Blohm and Vohs’ creation, the infamous BV 141, was designed to be Germany’s reconnaissance aircraft in WWII. The strange-looking plane was in tight competition with the twin-engined, twin-boom Fw 189 before it lost the contract. Here’s what you need to know about the Luftwaffe’s uncommon reconnaissance plane.
Unique Structural Asymmetry
The Bv 141 was aerodynamically efficient even though it had an unorthodox design. Its crew was housed in a gondola on the starboard wing, while its fuselage was located on the port side. The starboard’s tailplane was also removed to improve the rear gunner’s field of view. The aircraft’s tendency to roll was negated by the lift generated from its wings.
Two 7.92mm MG 17 machine guns were fitted in the forward nacelles and were operated by the pilot. For rear defense, an MG 15 was placed in a small circular cupola on top of the aircraft. Another MG 15 was positioned to the rear. Aside from the four guns, the Bv 141 could also carry four 110-lb bombs for ground attack missions.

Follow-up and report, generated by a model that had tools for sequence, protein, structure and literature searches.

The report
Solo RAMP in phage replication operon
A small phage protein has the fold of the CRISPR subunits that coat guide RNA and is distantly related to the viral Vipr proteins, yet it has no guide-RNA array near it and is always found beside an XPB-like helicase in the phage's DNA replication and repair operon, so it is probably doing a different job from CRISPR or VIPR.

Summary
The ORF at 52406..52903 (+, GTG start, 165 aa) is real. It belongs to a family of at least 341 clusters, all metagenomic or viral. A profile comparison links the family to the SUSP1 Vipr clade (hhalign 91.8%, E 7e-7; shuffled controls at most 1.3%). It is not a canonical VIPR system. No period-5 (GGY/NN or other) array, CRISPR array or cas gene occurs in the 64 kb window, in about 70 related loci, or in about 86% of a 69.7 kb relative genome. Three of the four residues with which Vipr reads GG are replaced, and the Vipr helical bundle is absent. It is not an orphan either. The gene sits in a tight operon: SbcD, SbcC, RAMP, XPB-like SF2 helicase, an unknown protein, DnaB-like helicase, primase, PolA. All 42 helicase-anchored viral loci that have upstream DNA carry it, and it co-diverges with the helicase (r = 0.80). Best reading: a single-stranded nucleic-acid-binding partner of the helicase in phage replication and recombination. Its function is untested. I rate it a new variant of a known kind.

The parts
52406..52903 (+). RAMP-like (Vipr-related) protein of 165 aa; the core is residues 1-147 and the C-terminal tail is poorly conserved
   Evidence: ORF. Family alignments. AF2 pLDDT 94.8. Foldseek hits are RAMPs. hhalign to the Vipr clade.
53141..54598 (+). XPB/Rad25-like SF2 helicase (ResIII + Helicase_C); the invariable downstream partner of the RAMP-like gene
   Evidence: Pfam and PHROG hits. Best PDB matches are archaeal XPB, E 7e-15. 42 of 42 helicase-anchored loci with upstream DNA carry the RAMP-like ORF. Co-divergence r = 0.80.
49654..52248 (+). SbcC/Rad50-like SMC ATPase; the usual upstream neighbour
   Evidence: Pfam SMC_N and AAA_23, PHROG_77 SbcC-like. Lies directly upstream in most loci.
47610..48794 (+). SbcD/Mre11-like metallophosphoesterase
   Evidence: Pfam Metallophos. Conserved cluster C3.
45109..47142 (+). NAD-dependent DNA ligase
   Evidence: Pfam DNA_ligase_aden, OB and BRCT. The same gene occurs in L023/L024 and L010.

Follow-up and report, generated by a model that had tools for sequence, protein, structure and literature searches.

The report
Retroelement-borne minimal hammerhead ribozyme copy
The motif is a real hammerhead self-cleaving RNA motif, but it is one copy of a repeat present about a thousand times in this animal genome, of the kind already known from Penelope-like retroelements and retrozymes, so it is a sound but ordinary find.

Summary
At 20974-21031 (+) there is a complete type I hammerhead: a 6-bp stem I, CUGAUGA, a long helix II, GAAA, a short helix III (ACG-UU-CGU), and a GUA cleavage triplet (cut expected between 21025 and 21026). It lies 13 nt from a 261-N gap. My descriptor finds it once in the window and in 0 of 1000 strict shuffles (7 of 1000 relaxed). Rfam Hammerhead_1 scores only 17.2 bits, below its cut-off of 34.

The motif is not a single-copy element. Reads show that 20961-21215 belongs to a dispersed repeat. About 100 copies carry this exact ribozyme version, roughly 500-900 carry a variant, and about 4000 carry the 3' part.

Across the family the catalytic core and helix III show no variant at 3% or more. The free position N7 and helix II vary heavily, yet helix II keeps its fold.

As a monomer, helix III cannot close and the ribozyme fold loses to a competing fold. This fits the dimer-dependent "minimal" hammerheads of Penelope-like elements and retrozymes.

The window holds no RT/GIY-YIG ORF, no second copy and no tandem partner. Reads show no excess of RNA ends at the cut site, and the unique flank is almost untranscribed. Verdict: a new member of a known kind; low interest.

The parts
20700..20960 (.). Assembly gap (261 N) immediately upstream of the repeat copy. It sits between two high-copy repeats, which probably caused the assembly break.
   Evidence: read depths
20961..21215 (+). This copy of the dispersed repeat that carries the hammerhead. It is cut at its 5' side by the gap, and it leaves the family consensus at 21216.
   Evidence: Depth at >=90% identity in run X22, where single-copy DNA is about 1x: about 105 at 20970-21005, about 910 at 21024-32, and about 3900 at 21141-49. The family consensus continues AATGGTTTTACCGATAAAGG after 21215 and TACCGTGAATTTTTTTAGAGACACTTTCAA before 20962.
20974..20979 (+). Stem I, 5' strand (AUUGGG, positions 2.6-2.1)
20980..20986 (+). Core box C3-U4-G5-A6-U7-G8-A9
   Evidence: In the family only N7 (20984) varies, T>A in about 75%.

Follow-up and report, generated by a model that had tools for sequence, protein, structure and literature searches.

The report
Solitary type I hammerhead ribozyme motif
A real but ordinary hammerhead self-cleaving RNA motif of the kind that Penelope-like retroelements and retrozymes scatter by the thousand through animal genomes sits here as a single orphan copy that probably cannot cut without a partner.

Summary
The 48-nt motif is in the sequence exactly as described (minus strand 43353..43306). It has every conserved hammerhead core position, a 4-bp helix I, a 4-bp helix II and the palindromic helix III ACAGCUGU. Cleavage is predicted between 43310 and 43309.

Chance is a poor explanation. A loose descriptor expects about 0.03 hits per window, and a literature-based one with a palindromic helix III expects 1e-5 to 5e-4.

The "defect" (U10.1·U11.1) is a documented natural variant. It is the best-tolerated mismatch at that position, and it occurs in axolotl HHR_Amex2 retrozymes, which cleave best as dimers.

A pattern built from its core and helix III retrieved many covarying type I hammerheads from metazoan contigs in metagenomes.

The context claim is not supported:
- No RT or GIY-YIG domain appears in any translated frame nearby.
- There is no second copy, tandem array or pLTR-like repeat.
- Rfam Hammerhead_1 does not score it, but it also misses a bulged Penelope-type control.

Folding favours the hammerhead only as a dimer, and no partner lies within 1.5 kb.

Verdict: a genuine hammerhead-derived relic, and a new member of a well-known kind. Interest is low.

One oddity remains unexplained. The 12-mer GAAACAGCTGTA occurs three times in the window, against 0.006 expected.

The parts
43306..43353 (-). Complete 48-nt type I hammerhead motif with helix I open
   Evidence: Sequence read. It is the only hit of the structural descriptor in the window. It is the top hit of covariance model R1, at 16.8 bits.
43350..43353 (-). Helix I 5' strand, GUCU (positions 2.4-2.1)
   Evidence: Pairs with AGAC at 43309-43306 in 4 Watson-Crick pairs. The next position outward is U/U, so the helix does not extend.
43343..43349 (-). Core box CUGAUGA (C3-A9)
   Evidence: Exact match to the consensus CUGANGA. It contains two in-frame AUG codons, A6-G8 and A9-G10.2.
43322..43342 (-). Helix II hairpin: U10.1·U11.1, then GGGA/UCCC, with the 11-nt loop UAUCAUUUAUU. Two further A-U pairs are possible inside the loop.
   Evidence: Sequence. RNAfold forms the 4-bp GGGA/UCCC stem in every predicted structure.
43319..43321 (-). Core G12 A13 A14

Its first significant problem during development was its rudder generating too much drag. The cockpit was also very vulnerable as it was located on the starboard wing and was only enclosed with Plexiglass windows forming a single transparent shell.
The 45-ft-long plane had a maximum speed of 272 mph at 16,000 ft. It climbed at a mediocre speed of 112 mph and a cruise speed of 202 mph. Additionally, the Bv 141 had very poor lateral stability, which would have made it unpleasant to fly in turbulence at low levels.
Last Hail Mary
Richard Vogt, the Bv 141’s designer, began working on an improved version of the Bv 141A series to address its poor engine performance. Vogt decided to use the BMW801A 14-cylinder two-row engine rated at 1,560 hp. However, they would soon encounter many problems, such as mechanical failures, which included faulty landing gears and hydraulic systems. The Luftwaffe’s enthusiasm quickly faded away, and the Fw 189 was chosen instead.